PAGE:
Alubarika is the conflicting story of fate involving a young politician Oyelade, a role played by (Femi Adebayo) who determined to succeed in his political pursuit and ready to exploit all available means to actualize his dream and of another young Man Jare, a role interpreted by ( Gabriel Afolayan) who out of understanding failed to discover himself and purpose of God for his life. What is the connection between Oyelade and Jare? Why could a journey approved and blessed by creator encountered twist for fate? Watch out for the answer and more in this thought provoking drama.

Production: October 1st, 1960 Productions

Direction: Gabriel Afolayan

Starring: Starring: Femi Adebayo, Gabriel Afolayan, Ibrahim Chatta, Yewande Adekoya, Bukunmi Oluwasina

Release Date: 14th October 2019

Genre: Drama

Run time: 2hrs

Rating: 2/5


Not recommended. While ‘Alubarika’ isn’t terrible as far as acting and production goes; at two and a half hours long, it makes for a frustrating cinema experience – especially if you are not a sucker for Yoruba movies by nature. And even if you are a sucker for Yoruba movies (nothing wrong with being one), you have to know that ‘Alubarika’ is just another run of the mill Yoruba movie.

It’s plenty good for African Magic and IrokoTv, but ‘Alubarika’ is no ‘Olek├║’. It doesn’t stretch any bounds nor does anything new. It’s nothing special. It’s basic as to be same as every other Yoruba drama premised on teaching moralities. But cinema is primarily for entertainment, not teaching. Beyond that, ‘Alubarika’ drags. And drags. And drags. And drags. Unnecessarily and discomforting-ly.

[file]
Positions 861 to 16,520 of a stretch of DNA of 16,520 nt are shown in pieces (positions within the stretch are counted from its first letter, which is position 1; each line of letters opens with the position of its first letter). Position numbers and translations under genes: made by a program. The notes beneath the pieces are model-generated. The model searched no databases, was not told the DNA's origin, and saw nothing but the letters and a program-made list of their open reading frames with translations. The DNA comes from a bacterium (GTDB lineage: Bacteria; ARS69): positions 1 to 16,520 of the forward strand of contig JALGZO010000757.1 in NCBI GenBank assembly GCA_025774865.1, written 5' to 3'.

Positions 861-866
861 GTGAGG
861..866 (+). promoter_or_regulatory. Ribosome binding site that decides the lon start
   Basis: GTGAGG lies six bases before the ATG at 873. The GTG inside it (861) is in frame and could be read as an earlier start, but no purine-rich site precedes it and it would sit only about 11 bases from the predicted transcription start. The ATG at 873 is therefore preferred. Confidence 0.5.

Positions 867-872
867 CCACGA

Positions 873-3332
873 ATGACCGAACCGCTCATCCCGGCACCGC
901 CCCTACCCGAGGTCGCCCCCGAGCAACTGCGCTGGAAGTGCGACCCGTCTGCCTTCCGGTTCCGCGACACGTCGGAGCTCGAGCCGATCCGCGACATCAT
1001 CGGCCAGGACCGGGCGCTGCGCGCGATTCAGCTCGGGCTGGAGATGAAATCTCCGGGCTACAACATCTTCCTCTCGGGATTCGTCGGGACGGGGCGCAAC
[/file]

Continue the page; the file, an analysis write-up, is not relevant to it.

Note to Yoruba Nollywood: We don’t hate you; quite the opposite, some of our all time best movies are Yoruba home videos. But you have to understand that cinema is intrinsically different from home entertainment. We appreciate that for certain profitability considerations and expediencies you have to stretch movies to “part two” to sell more DVD units per movie. However, in cinema you can’t have a character crawling, turning and reeling in pains and regret, playing remorseful for twenty five minutes.

Movies made for cinemas need to be compact and concise – straight to the point, forever moving forward. Characters remembering long stretches of already shown footage is a morale killer when your audience is sitting upright in a cold room with no way to pause or fast forward. We therefore strongly suggest you modify cinema offerings for cinema.

It is interesting to note that even though they expressed appreciation for the moral lessons offered in ‘Alubarika’, every member of the audience we were blessed to speak to, responded in the negative when we asked them if they would have paid to see ‘Alubarika’ in cinema had they known what it is; too long and too scattered. We wish you well.


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